"We don’t need to spend more on military than the next 25 countries combined"
NATO. Responsible taxpayers know that it is a mighty defensive alliance that protects us from tyranny and faraway brown people, but what does it actually do?
Now that the Red Menace has been taken care of, NATO has struggled over the last twenty-odd years to redefine itself. Maybe NATO could study the Kabbalah with Madonna, who also apparently suffers from a serious lack of purpose? No, unfortunately that wouldn’t sell nearly enough American fighter jets to countries that don’t need them.
Here is how a think tank described the expansion of NATO into central and eastern Europe in 1999:
On the surface, central and eastern Europe presented a dream market for arms manufacturers...[but] a Pentagon official interviewed for this article said that weapons were not at the top of the new members’ priorities—yet.
Without an improvement in Russia-NATO relations, a military build-up in the new NATO countries would amount to pouring oil on the fires burning between Moscow and the West.
Just to reiterate, this analysis was published by the Centre for World Dialogue in 1999. Could anything be more prophetic?
Recently, the center-left Danish newspaper Politiken ran an article which focused on how the U.S. has conjured up threats of Russian world conquest as a means to boost arms sales to its NATO “allies” in central and eastern Europe. According to top Pentagon officials who will soon retire and work as consults for Lockheed Martin, Russia could invade Baltics literally any minute now. What does this mean? Simple: Weapons are now at the top of NATO members’ priorities. Finally!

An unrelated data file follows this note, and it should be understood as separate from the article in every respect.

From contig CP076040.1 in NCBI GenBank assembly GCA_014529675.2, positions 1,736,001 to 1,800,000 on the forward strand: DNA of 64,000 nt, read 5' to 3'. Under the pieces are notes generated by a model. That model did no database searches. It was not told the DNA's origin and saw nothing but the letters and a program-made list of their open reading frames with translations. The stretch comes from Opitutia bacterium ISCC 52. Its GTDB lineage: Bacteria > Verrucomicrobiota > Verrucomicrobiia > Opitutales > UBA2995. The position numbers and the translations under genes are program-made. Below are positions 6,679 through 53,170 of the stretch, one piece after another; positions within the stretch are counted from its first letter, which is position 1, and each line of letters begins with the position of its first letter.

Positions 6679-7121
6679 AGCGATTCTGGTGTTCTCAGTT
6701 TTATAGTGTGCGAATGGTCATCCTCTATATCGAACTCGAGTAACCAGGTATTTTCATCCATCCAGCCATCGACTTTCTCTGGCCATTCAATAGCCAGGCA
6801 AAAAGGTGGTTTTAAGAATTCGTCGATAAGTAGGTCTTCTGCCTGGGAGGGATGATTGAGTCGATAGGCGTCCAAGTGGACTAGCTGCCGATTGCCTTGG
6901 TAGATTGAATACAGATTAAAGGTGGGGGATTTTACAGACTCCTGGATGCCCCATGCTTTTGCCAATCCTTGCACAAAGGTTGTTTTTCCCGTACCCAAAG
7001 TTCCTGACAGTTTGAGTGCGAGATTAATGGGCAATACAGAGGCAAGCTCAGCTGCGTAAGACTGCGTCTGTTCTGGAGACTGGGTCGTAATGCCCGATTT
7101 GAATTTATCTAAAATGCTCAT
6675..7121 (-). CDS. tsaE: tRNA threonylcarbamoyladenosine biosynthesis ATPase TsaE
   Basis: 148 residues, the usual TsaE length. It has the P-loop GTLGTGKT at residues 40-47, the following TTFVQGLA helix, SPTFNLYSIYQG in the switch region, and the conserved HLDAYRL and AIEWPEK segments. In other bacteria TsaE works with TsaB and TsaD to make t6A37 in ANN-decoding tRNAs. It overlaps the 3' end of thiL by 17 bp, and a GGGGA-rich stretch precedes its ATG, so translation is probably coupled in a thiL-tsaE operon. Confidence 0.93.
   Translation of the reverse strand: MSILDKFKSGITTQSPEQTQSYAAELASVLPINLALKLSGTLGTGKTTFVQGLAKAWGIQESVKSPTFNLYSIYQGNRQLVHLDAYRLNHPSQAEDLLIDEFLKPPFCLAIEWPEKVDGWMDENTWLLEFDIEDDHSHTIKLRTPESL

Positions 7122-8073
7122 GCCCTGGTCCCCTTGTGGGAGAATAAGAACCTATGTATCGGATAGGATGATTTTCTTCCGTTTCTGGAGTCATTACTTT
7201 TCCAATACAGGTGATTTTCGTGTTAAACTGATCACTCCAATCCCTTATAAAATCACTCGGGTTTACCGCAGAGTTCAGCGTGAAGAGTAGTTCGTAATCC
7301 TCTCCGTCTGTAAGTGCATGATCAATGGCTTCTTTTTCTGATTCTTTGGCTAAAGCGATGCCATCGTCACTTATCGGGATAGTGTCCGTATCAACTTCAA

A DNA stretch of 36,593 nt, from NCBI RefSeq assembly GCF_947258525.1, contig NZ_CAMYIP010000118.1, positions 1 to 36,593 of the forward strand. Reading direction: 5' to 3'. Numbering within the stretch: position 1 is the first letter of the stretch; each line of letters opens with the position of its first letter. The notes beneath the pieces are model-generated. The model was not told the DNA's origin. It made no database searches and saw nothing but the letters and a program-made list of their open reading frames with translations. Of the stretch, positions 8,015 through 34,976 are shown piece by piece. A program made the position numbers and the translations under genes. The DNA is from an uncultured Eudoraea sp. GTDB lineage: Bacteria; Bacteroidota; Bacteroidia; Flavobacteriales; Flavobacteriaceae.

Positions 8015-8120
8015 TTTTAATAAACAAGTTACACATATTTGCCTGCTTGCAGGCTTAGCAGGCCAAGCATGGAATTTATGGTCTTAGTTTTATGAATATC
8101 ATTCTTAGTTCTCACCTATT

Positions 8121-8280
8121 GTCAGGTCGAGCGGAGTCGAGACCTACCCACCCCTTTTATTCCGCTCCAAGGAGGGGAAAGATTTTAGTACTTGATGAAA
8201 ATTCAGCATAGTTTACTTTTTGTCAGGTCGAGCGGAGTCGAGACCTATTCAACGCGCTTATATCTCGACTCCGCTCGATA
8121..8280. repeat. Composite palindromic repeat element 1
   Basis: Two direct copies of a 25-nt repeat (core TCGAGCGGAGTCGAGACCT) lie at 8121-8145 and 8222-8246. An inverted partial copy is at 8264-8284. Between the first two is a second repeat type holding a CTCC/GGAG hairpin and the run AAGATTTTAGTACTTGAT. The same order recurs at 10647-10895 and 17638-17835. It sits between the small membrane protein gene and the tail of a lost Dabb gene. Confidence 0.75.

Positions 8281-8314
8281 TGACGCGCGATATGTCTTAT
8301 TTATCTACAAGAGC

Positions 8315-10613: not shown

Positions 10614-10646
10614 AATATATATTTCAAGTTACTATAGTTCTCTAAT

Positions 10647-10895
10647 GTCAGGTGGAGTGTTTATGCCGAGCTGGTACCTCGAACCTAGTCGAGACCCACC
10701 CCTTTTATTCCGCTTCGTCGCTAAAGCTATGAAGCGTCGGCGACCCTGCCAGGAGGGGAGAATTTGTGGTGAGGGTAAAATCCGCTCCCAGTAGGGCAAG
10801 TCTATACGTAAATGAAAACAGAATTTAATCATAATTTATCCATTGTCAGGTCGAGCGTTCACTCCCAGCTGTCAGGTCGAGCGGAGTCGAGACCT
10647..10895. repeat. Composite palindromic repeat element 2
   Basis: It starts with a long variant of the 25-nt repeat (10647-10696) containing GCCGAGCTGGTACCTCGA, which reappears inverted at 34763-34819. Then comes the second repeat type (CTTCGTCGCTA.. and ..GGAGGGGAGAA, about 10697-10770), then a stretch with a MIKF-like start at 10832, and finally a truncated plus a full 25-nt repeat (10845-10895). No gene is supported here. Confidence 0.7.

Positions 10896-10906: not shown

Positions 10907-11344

Of course, it’s purely coincidental that last year the Obama administration launched an ambitious arms dealing initiative which specifically targets NATO members:
The U.S. government on Wednesday announced a two-year project aimed at making it easier for NATO and member countries to share costs and buy weapons as a group as they struggle to stretch scarce defense budgets.
The program aims to keep U.S. foreign military sales competitive by adapting to changing business practices and being more flexible about purchaser requirements, statement said.
So to return to our initial question, what exactly is it that NATO “does”? Simple: It creates imaginary threats to world stability and then peddles weapons to defend against aforementioned boogeyman threats.
As Major General Smedley Butler once said, “war is a racket.” And you can bet NATO is plays a leading role in this blood-soaked scam. (It’s likely you’ve never even heard of General Butler, or his terrific pamphlet, arguably the most concise, authoritative document on the ways and means of the American war machine, which of course is why it is never taught in schools.)
Here’s Butler reminiscing about the War to End All Wars:
It would have been far cheaper (not to say safer) for the average American who pays the bills to stay out of foreign entanglements. For a very few this racket, like bootlegging and other underworld rackets, brings fancy profits, but the cost of operations is always transferred to the people — who do not profit.
We don’t need to spend more on military than the next 25 countries combined, and we don’t need an outdated “defensive” alliance that bombs defenseless nations and peddles American-made weapons to countries that have no use for them. NATO is a racket.